» See also Taliban Wants to End War (Reuters via INcontext).
Source: Open Doors, February 8, 2018
After three years of Islamic State occupation and devastation in the wake of the ISIS war, local partners are sharing stories of continued hope for the Nineveh Plains and the believers who were forced to flee when militants issued their ultimatum: “Convert, leave or die.” For more than two years, occupying Islamic jihadists tried to erase any evidence of Christianity from the city—burning churches, destroying crosses, toppling bell towers.
Father George walks toward a colorful paper, where a map of the city is divided into several sectors. He leads what is called the Church Supreme Board for Reconstruction of Baghdeda, which is coordinating the efforts to restore homes [in Iraq’s largest Christian city].
“With your support, we were able to restore 286 houses in Qaraqosh. That means 286 families have returned to their homes. By the end of 2017, we finished 1,054 of the 2,658 of houses that are on our list to be repaired.”
In other places in the Nineveh Plain, local partners have helped support the restoration of another 392 houses for a current total of almost 700 rebuilt homes—and new hope for almost 700 families.
» See full story with pictures. It’s quite encouraging.
» See also another Christian leader who has invited Muslim nations to rebuild Christian villages destroyed by ISIS (World Watch Monitor).
By Shane Bennett
Pastors, I honestly don’t know what it’s like to walk in your shoes. Back in college, I pastored a church of a dozen people. Elderly saints they were but with a remarkable propensity not to die. So I preached, and I dodged the rest of the pastoral duties. I never faced the stresses you do with budgets and staff and people who come to you with intractable problems, hoping you’ve got a silver bullet to spare.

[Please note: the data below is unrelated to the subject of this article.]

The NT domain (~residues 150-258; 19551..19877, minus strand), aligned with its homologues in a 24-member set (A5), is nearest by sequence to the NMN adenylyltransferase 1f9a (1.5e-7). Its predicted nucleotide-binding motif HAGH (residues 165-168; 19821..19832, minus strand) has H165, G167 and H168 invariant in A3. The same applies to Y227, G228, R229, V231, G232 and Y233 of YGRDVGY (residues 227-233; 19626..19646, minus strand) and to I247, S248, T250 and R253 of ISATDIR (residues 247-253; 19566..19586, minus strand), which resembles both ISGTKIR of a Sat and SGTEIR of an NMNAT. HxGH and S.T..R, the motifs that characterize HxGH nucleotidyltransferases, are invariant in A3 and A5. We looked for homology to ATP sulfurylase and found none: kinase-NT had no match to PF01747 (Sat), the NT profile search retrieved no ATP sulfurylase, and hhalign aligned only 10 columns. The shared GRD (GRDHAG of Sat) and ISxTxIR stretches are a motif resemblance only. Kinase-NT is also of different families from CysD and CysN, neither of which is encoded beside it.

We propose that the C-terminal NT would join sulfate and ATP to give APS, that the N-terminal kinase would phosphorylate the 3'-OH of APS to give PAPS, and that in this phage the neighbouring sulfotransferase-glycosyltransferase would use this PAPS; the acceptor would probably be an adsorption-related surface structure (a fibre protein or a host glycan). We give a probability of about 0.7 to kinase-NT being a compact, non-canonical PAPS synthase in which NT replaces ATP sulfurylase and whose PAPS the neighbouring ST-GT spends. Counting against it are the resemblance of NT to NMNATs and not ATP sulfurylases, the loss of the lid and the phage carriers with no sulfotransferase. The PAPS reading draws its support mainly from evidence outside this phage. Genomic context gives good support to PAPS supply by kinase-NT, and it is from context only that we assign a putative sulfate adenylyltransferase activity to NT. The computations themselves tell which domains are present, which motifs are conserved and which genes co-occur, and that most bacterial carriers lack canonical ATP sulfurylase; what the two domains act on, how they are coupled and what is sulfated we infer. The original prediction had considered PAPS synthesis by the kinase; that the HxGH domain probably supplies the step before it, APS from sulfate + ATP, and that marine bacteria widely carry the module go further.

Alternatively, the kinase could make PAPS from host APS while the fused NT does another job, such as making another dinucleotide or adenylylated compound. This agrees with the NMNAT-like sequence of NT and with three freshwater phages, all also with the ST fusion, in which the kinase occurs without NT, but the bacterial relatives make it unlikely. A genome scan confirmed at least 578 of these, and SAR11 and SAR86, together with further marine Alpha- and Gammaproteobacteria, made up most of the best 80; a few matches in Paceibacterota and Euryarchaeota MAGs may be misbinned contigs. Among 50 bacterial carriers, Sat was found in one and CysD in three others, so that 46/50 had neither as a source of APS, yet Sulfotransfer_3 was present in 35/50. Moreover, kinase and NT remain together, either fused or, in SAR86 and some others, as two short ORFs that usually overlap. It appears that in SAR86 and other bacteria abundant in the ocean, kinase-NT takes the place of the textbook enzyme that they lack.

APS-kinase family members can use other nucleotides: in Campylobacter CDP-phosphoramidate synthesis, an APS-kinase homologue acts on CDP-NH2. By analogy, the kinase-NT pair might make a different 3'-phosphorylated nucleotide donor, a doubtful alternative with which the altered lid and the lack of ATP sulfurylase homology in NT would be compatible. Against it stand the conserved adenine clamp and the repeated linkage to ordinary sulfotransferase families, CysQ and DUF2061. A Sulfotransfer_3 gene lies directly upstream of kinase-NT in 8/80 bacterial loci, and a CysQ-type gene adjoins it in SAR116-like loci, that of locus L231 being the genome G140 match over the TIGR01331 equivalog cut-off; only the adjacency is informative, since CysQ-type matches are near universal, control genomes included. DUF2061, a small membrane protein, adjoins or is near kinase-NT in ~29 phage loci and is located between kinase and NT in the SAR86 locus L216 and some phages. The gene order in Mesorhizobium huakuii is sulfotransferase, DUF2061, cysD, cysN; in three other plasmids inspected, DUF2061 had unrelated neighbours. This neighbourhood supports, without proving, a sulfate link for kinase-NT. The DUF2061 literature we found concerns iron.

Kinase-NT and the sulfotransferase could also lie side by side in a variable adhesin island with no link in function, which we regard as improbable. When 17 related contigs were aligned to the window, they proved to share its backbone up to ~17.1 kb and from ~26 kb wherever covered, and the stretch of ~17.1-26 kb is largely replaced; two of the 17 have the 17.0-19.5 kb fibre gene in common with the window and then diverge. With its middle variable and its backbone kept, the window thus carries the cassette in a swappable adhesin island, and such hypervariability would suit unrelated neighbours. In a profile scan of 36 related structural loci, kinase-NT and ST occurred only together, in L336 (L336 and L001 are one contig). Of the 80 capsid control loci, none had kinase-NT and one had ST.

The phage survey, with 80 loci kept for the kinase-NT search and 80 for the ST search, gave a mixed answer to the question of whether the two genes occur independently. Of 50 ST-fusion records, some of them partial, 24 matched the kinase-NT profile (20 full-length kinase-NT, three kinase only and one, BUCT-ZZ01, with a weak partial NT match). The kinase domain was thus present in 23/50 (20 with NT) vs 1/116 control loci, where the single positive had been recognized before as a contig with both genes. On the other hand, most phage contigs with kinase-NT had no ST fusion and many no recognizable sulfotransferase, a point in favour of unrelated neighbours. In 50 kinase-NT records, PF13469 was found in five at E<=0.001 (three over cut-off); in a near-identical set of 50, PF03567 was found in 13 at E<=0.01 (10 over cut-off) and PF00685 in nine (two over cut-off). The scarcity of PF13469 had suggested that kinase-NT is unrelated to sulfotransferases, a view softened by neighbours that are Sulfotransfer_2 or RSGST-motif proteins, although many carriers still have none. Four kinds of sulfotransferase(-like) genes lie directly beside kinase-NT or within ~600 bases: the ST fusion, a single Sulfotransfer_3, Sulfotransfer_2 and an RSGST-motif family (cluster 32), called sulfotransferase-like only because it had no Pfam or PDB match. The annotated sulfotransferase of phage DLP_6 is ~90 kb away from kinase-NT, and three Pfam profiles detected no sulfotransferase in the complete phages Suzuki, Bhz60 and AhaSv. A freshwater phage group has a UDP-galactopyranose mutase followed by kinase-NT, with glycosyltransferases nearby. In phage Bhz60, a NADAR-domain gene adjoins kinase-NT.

Nor have I been in your place with goofballs saying, “Hey, your church should do more with Muslims!” Maybe that feels like a burden you’d rather let go. Maybe you have some personal anxiety about Islam or you can already feel the pushback that will come if you lead your flock toward engagement with Muslims.
Here’s why it might be worthwhile anyway:
- Islam is a big deal. Over 1.5 billion people are Muslims, with a huge number being added every day. And Islam is talked about like crazy in America and all over the place.
- Your people, at least some of them, are wondering how Christians should respond to this.
- God, mostly on the down low, is inviting Muslims into his kingdom these days like we have never seen before. This might be the sort of harvest you don’t want to miss out on.
If the Holy Spirit nudges you in this direction, I’d like to make it as easy as possible to obey, with ideas both for “knowing” and “doing” and with varying costs in time and money.
Not a pastor but know one? If you think it might bless them, please send this along. Tell them you’d like them to read it, and understand if they can’t get to it right away.Ten Ways to Get Started
1. Add to a sense of Muslims’ lostness an understanding that God wants to find them in great numbers.
You probably don’t have to convince your people that Muslims are lost. Most evangelical Christians agree. They might not be thinking as much, though, that God has in mind to gather great numbers of them into his kingdom, that every blessing we enjoy is meant for them, and that the blood of Jesus shed on the cross works redemption for them with the same wonderful efficacy with which it does for us.
2. Share winsome stories of Muslim-Christian interactions.
While evil has certainly been done in the name of Islam and good Muslims have done very bad things, there’s more to the story than that. Negative news makes it hard to imagine that Christians can connect with them. Read this short, surprising story as a counterexample.
3. Highlight similarities between Muslims and Christians.
Sometimes, whether intentionally or subconsciously, we try to keep Muslims at arm’s length as being “other.” In doing so, we might fall prey to thinking, as a woman at my church once told me, “We are completely different in every way!” That’s just not true. Your people need to know this.
I probably go overboard in the other direction, happy that a typical Muslim and I both believe in just one God and both think Jesus was born miraculously of a virgin, is alive today, and could take Chuck Norris in a one-on-one match. Generally, we also believe that abortion is a bad thing, kids are a good thing, Jesus is coming back, and devotion to God should be above all else. Not bad starting points from which to invite Muslims back to the faith of their forbearers.
4. Read and encourage others to read material that prioritizes engagement over fear and defense.